Italy seeks to clarify its e-invoicing mandate

Italy seeks to clarify its e-invoicing mandate

July 06, 2018

With just 6 months until e-invoicing becomes mandatory for all domestic Italian supplies, there is still a lot of confusion over the timeline, scope and the steps Italian taxpayers have to take to ensure they are compliant.

This lack of clarity, even though the mandate was originally introduced back in December 2017, and despite the fact that the first deadline for certain sectors and supplies is already in force, is probably what prompted the Agenzia delle Entrate (the Italian tax authority) to issue a circular document (on July 2, 2018) that it hopes will clarify the most relevant and frequently asked questions. Below, our experts look at the 4 most pressing areas that have been clarified in this document:

The Fuel Sector

The first topic tackled was the use of e-invoicing for the purchase of supplies in the fuel sector. This is probably the one area where there has been the most confusion, debate, and protest – due in part to the fact that it was one of the sectors to be hit with the earliest deadline of July 1, 2018. The clarification provided by the Italian tax authority concerned:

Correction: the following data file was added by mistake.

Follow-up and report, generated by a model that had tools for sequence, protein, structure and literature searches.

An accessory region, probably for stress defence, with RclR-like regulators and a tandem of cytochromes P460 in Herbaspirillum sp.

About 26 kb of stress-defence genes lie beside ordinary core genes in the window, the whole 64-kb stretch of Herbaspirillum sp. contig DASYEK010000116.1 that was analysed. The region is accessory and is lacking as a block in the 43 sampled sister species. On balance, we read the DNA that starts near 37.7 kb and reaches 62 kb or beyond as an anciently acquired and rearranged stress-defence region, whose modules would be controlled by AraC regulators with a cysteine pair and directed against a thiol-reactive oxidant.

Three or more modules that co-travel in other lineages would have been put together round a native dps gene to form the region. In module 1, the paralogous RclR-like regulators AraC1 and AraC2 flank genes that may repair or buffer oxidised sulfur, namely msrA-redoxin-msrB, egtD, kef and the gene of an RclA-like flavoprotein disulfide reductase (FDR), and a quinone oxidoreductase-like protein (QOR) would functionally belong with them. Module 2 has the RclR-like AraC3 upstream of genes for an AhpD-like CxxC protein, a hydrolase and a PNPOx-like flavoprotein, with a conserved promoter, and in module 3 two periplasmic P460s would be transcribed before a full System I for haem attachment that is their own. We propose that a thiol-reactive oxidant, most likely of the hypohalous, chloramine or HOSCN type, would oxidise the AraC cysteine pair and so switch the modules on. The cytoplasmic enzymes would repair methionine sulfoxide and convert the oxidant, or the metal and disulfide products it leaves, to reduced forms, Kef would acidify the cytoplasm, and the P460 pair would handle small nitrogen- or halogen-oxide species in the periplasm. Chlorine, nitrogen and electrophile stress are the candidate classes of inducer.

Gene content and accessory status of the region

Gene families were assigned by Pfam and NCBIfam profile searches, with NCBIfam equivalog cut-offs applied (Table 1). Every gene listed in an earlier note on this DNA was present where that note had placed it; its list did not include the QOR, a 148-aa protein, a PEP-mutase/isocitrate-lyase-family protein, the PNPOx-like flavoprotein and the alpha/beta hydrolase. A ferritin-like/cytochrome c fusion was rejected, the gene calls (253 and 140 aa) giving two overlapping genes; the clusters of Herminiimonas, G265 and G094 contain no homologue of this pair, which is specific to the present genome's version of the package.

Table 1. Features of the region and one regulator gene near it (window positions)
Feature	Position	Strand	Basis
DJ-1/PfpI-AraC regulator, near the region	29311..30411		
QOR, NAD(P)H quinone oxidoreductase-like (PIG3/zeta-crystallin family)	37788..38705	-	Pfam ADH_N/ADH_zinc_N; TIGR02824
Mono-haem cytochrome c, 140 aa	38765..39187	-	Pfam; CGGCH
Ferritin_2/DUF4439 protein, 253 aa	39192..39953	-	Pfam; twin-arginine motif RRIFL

• The sale of fuel intended for use by roadside gas and service stations: all transactions involving the supply of petrol and diesel intended for use in cars and road vehicles, throughout the entire supply chain, are subjected to the use of mandatory e-invoicing from July 1, 2018.
  • The sale of fuel from roadside gas and service stations: originally mandated to come into force on July 1, 2018, the supply of fuel roadside gas and service stations was postponed at the last minute in a decree by the Italian government. The new deadline for this sector is now January 1, 2019.
  • All other fuel supplies: supplies across the entire fuel chain for aircraft, boats, agricultural and forestry tractors have to be compliant as of January 1, 2019.

In addition, the Italian tax authority clarified that if a supplier, at any step along the fuel chain is uncertain about the intended use of the supply, then the supplier must ensure that it complies with the use of mandatory e-invoicing.

Resident, established or identified?

When the mandate was introduced back in December 2017 its scope imposed the use of mandatory e-invoicing for the “supply of goods and services performed between residents, established or identified in the territory of the State”. However, when the European Council approved its implementation, back in April 2018, it limited the scope to only those persons established in Italy.

The clarification provided by the Italian tax authority confirms that the e-invoice obligation will only cover organizations who are permanently established in Italy. Having an Italian VAT registration alone will not be enough to infer that the business must comply.

Permanent Establishment Explained